An integrative omics approach to unlock the potential of underutilized and wild plant species for sustainable desert agriculture
Simon G. Krattinger, Salim Al-Babili, Ikram Blilou, Heribert Hirt, Magdy Mahfouz, Mark A. Tester & Rod A. Wing

In 30 years, humanity will face the unprecedented challenge of having to sustainably produce healthy food for 10 billion people. To address this challenge, new staple crops with fast maturation times and high tolerance to heat, drought and salt are needed. Domestication and modern breeding have greatly increased the performance of modern-day crops, but at the same time have reduced the biodiversity used for food production (Tanksley & McCouch, 1997). While more than 30,000 plant species are considered edible, only around 150 are actively cultivated. Three crop species, wheat (Triticum aestivum), rice (Oryza sativa) and maize (Zea mays), dominate modern agriculture and account for more than 50% of the globally produced calories (Nelson et al., 2010). Although domestication, early landrace selection and modern breeding have adapted these species to a huge range of climates and cultivation practices, there is limited diversity within these few plant species for cultivation in the most extreme environments. Because of their primary domestication origins, many of today’s most widely cultivated crops are not well suited to these conditions.

During the past two decades, genomics and other omics disciplines have emerged as powerful new tools in agriculture and plant breeding. AgriGenomics covers the use of state-of-the-art genomic tools for crop improvement. For example, genetic and genomic studies revealed that the transition from wild to domesticated plants occurred through spontaneous mutations that affected only a few key domestication genes (Olsen & Wendel, 2013). Genomic selection is nowadays used as a powerful approach to predict and improve the performance of crop plants based on genomic information (Wallace et al., 2018), and genome editing can be used to introduce precise DNA changes in order to modify traits – including those associated with domestication (Hickey et al., 2019). In addition, progress in precision phenotyping, metabolomics and machine learning has resulted in a much improved understanding of crop growth and development. The confluence of these powerful tools and technologies are driving a paradigm shift in the understanding of plant growth and development and are having a profound impact on improvement of crop species.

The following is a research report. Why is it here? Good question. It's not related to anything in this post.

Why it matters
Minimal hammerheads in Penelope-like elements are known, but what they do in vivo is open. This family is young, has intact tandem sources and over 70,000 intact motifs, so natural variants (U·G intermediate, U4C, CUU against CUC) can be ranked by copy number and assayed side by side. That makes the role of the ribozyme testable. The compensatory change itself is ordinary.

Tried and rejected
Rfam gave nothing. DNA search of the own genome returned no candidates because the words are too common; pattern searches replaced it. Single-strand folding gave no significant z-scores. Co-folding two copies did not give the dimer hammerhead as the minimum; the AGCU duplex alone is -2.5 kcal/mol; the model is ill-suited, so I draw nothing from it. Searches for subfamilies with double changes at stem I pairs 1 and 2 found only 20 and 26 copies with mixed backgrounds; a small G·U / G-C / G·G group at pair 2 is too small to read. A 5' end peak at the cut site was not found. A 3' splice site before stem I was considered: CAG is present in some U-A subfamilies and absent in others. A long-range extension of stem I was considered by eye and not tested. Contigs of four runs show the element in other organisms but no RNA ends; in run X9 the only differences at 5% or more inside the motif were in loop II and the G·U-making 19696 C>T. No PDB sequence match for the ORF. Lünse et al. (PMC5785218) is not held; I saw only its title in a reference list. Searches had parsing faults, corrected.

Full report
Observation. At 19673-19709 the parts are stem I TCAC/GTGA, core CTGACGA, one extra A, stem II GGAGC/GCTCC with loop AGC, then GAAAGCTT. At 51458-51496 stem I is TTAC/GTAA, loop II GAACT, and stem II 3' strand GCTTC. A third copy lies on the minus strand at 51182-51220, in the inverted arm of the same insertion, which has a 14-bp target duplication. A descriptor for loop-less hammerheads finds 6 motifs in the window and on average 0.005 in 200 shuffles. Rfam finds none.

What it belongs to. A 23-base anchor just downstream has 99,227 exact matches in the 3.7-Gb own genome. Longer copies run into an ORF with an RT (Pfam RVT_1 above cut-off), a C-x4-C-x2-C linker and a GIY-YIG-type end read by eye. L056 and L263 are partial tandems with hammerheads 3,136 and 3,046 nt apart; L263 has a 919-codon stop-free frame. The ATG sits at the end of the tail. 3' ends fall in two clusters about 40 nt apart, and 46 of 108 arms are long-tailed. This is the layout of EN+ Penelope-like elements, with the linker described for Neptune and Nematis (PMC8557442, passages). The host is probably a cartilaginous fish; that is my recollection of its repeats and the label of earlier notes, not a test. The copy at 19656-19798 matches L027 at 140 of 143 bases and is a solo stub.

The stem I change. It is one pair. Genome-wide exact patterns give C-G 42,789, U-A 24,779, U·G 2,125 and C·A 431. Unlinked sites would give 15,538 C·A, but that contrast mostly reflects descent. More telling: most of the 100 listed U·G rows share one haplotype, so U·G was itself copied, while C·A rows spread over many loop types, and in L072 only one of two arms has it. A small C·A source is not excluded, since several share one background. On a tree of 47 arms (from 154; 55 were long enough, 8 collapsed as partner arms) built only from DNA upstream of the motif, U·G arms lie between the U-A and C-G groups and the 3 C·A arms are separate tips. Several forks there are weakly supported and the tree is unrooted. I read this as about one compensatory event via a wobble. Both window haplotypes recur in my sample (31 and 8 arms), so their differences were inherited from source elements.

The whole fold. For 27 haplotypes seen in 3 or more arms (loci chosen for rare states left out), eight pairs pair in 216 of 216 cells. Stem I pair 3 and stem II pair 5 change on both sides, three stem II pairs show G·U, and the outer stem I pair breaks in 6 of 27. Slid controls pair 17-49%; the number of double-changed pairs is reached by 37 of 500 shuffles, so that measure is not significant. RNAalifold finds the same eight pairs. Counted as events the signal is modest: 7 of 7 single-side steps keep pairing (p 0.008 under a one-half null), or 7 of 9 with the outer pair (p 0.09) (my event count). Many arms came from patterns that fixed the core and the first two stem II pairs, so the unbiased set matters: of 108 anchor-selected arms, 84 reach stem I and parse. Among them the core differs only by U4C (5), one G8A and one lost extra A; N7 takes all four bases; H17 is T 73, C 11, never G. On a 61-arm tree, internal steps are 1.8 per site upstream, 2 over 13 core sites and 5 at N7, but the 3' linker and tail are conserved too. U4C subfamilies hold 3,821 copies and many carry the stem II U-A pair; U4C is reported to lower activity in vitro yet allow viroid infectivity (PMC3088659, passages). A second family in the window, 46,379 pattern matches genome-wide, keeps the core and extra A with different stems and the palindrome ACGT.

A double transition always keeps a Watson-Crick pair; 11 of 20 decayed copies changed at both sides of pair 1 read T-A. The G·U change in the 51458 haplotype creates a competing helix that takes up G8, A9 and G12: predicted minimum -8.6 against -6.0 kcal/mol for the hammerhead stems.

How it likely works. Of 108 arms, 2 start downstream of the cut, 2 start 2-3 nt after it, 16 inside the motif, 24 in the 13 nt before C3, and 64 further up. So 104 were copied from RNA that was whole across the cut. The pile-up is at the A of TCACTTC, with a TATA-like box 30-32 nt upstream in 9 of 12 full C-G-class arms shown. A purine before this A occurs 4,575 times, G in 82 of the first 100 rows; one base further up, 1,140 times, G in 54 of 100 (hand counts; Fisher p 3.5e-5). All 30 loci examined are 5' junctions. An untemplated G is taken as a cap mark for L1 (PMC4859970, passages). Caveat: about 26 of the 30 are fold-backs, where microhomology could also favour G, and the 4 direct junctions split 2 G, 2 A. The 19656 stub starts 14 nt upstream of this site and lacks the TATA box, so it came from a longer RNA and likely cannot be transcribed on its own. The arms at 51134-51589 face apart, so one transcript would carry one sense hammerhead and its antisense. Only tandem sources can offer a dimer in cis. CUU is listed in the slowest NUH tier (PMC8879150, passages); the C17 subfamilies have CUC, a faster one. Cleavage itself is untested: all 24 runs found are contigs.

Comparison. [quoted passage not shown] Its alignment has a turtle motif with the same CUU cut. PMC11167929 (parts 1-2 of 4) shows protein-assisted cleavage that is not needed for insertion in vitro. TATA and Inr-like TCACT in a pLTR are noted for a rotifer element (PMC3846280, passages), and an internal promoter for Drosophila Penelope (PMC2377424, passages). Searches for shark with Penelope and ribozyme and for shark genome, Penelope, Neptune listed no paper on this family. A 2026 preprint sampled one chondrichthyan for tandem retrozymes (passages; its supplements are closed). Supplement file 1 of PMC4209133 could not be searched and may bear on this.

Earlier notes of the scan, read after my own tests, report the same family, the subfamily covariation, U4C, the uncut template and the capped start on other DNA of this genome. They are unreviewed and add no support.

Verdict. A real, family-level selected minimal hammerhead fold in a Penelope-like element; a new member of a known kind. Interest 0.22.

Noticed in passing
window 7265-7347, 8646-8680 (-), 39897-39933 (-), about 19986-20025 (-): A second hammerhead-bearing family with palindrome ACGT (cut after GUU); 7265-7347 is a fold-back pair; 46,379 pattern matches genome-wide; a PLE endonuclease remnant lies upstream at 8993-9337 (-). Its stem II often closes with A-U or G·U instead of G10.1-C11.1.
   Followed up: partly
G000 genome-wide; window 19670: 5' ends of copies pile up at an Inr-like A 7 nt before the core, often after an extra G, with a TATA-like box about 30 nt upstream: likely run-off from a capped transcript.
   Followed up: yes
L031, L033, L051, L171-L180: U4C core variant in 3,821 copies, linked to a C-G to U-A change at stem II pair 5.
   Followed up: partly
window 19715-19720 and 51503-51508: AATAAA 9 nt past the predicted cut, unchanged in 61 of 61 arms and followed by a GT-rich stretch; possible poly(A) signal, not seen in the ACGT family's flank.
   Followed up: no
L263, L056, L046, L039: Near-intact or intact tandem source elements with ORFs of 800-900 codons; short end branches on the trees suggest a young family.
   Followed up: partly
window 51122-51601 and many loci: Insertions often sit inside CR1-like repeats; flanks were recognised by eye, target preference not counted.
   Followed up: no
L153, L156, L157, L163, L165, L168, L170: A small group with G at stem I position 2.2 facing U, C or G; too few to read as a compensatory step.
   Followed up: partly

While it took thousands of years to transform the wild ancestors of today’s crops into their modern forms, this process can now be achieved within one to two decades through the power of genomics, phenomics and metabolomics. To address the challenge of sustainably cultivating staple crops in open desert fields, we propose a radical and innovative approach – to identify wild and semi-domesticated plant species with a high degree of adaptation to extreme environments (e.g. hot, arid and saline) and domesticate these plants for the production of food in KSA and surrounding regions.

The aim of this project is to establish genomic, metabolomic, and phenomic resources that will allow us to advance the improvement of two crop wild relatives and one orphan crop with a high potential for desert and/or seawater agriculture, i.e. Asian wild rice (Oryza coarctata), Salicornia bigelovii, and fonio millet (Digitaria exilis). All three species have the potential to revolutionize agriculture under extreme environments. Fonio holds great potential for desert agriculture because it exhibits high tolerance to heat, drought, and marginal soils; O. coarctata can grow under high saline and high temperature environments, and S. bigelovii can grow in full sea water. Our aim is to extensively characterize these three carefully chosen species by using an array of integrative omics approaches, which will lead to a deep understanding of the genetics, genomics, physiology, and the associated microorganisms of these species. We believe that the comprehensive knowledge gained during this project will allow us to make informed decisions on how to most effectively and rapidly utilize Asian wild rice, fonio, and Salicornia for desert and/or seawater agriculture.

The vast majority of the calories produced for food and feed are derived from grain-producing crops. Unsurprisingly, grain production dominates modern agriculture and constitutes around 80% of our food and energy requirements. This is best exemplified by the importance that wheat, rice, and maize play in modern agriculture. Every agricultural program striving towards self-sufficiency must thus address sustainable grain production. Grain prices are usually much lower than prices for other agricultural commodities and covered agriculture for grain production is not an economically viable option. Here, we present an innovative approach that will address the problem of field-grown grain production in hot and arid environments by using cutting-edge translational research. This work will form the basis to establish sustainable grain production in arid regions. As an immediate outcome, the most suitable fonio accessions identified from the diversity screens might directly be grown for food and feed production in arid regions. The long-term goal of this work consists in the adaptation and continuous improvement of the three species to a sustainable but highly productive agriculture.